Resemblance is purely coincidental Accident: Director Todd Haynes said he never meant for a character in his film 'Velvet Goldmine' to represent the late Kurt Cobain

Film

November 20, 1998|By Chris Kaltenbach The hills are alive

Yes, Todd Haynes realizes that Curt Wild, one of the main characters in his paean to the glam rock era, "Velvet Goldmine," is a dead ringer for Kurt Cobain.

And no, that's not an effect he was going for -- the character was modeled after Iggy Pop.

"It was completely an accident," Haynes insists (as was the happenstance that his character and the late Nirvana lead singer share the same first name). "It just so happens that Ewan [McGregor, who plays Wild] resembles Kurt Cobain more than he does Iggy Pop in the face."

Not that the resemblance should come as a total shock. "In fact, Cobain dyed his hair silver because of Iggy Pop," Haynes adds. "It's so funny, we were so busy doing what we were doing, I didn't even notice it until we were in the editing room."

While the Wild/Cobain resemblance helps tie together two very different rock and roll eras, Haynes says the idea behind "Velvet Goldmine" is not to bridge the decades, but rather to rescue a period of music he feels has been unjustly neglected.

"The music is really what propelled me and the realization that it had been so overlooked, or at least not reflected on the way punk and grunge and almost every period of music has been.

"It was one of the last really progressive periods, politically and culturally, both in the states and in the U.K. We've never been quite as open since then."

Haynes populates "Velvet Goldmine" with characters that should bring to mind glam rockers from David Bowie to Bryan Ferry, Mick Ronson to Brian Eno.

"It's all in there," he says. " They're meant to represent all of the key elements that were at play during that period." The film does not, however, represent Haynes' own musical tastes as a youngster.

"I wish I was a little older, so I could have had that experience, but I was only 10 or 11 at the time," says Haynes, 37. "As far as the glam era goes, Elton John is about as close as I came."

"Velvet Goldmine" is now showing at Loews Greenspring. Baltimoreans voted "The Sound of Music," the 1965 Rogers and Hammerstein musical starring Julie Andrews, among their top five favorite movies of all time, and now they can see it on the big screen. The Senator Theatre will show the family musical Saturday at noon, with an introduction by Elisabeth von Trapp, granddaughter of Maria von Trapp, who Andrews portrays. Tickets are $5 and go on sale at 11: 15 a.m. The Senator is at 5904 York Road. Call 410-435-1440.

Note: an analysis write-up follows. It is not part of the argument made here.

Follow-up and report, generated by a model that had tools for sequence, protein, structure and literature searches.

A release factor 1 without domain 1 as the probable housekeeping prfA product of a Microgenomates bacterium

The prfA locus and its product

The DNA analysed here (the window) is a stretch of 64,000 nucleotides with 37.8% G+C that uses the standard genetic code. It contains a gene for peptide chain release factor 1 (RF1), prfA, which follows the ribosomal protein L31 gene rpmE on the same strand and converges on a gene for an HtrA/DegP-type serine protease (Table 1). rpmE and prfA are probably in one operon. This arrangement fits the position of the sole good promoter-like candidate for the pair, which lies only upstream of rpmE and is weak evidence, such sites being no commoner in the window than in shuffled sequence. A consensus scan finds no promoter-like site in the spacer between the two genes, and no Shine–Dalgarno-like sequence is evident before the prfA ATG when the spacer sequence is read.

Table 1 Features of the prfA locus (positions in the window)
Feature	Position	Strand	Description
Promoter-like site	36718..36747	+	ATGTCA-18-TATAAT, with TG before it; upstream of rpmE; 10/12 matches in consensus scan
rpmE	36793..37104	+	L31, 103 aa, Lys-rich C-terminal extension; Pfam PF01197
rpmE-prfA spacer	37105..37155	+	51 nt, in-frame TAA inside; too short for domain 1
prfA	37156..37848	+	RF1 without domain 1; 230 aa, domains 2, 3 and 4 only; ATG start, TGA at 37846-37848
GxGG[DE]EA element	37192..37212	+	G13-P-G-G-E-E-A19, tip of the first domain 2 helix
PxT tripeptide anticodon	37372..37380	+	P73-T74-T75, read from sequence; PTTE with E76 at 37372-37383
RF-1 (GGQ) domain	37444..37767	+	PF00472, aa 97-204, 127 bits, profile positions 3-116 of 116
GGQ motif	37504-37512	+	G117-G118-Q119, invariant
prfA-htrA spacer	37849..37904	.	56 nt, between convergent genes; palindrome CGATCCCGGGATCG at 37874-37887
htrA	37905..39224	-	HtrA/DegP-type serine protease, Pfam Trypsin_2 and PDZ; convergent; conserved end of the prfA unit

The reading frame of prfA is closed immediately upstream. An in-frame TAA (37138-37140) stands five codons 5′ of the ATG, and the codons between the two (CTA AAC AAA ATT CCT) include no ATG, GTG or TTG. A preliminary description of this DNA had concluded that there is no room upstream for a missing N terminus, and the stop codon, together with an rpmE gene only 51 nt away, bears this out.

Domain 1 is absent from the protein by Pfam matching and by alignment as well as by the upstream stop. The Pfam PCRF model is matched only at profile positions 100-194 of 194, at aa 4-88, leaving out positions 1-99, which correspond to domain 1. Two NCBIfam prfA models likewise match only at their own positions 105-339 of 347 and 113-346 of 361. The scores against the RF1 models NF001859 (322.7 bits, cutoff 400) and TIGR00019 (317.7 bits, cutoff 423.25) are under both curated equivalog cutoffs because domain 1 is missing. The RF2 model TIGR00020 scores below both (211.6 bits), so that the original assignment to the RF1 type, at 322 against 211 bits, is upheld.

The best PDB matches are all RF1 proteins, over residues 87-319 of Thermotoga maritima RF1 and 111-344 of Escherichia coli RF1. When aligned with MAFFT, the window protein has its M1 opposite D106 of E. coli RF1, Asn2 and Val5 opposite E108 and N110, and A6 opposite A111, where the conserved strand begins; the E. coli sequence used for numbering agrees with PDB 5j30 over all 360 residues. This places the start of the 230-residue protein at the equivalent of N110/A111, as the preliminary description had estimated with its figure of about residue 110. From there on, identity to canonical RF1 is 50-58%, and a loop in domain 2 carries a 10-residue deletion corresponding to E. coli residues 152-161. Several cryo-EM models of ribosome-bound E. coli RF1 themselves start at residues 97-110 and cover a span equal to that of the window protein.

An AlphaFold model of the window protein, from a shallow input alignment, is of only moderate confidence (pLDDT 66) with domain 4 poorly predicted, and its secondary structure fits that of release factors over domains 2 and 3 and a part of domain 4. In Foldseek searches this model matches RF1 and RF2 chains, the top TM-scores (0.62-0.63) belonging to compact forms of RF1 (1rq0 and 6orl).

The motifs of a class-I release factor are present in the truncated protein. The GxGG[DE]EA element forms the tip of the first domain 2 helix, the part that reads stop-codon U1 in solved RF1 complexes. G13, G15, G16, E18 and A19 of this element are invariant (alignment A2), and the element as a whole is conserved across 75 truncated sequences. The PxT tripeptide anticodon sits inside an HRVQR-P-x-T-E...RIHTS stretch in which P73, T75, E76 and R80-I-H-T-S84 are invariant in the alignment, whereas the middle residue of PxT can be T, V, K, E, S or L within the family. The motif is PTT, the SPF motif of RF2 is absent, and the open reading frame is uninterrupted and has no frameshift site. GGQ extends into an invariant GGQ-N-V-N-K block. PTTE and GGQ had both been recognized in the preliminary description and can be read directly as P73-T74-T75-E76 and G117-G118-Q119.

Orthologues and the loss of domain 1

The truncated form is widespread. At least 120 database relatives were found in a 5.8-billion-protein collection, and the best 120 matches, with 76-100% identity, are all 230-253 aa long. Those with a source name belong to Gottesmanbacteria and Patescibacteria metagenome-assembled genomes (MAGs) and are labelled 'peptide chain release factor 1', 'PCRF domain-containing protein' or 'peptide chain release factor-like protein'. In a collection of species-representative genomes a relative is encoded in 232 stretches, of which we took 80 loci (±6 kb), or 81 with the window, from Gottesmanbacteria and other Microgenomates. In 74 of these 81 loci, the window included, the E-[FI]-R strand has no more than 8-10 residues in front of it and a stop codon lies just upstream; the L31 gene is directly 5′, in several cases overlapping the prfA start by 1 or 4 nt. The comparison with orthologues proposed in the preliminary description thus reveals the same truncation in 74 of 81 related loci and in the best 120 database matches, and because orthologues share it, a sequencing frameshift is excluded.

Ann Hornaday

Angelou film at Charles

Cinema Sundays at the Charles will feature "Down in the Delta," poet Maya Angelou's directorial debut, starring Alfre Woodard as a Chicago woman who finds her roots in the rural South. Writer and critic extraordinaire Mike Giuliano will lead the discussion of the film, which will open in Baltimore in December.

Memberships to Cinema Sundays are still available for the series' three remaining programs. Non-members can join for $50. Members may re-join for $45. Single tickets may be purchased for $15 when the doors open at 9: 45 a.m., if seating allows. The screening will begin at 10: 30 a.m.; as always, bagels and coffee will be served before the show. Don't miss this chance to see a much buzzed-about movie with Baltimore's smartest cinephiles. Call 410-727-3464.

Ann Hornaday

'Star Wars' trailer is here

The trailer for the "Star Wars" prequel finally hits mainstream release today, so fans who didn't catch it at screenings a week ago can get their first look at villain Darth Maul, a younger Yoda and stars including Ewan McGregor and Samuel L. Jackson.

The trailer for "Episode I: The Phantom Menace" will run before the films "Meet Joe Black," "The Waterboy" and "The Siege." And The Senator will also show it before its glorious dye-transfer print of "The Wizard of Oz," which will be playing at least one more week.

Chris Kridler

Movies in Maryland

With the Maryland-filmed "Enemy of the State" in theaters and "Liberty Heights" and "The Runaway Bride" being filmed in and around Baltimore, it's difficult to keep up with what's going on in the film world of Maryland. Luckily "CineMaryland," the HCC-TV series about the state's burgeoning film industry, has expanded to Central Maryland and now can be seen on eight channels.

NTC Co-produced by the Senator Theatre's Rebecca Jessop, who also serves as host, the series focuses on Maryland artists, productions in the area and people involved in the movie industry behind the scenes. "CineMaryland" will now air every month in Harford, Carroll, Anne Arundel, Prince George's and Montgomery counties. "CineMaryland" can be seen in Baltimore on TCI's channel 8 and the Office of Cable and Communication's channel 21. For more information on where to find "CineMaryland," call 410-772-4838.

Ann Hornaday

Pub Date: 11/20/98

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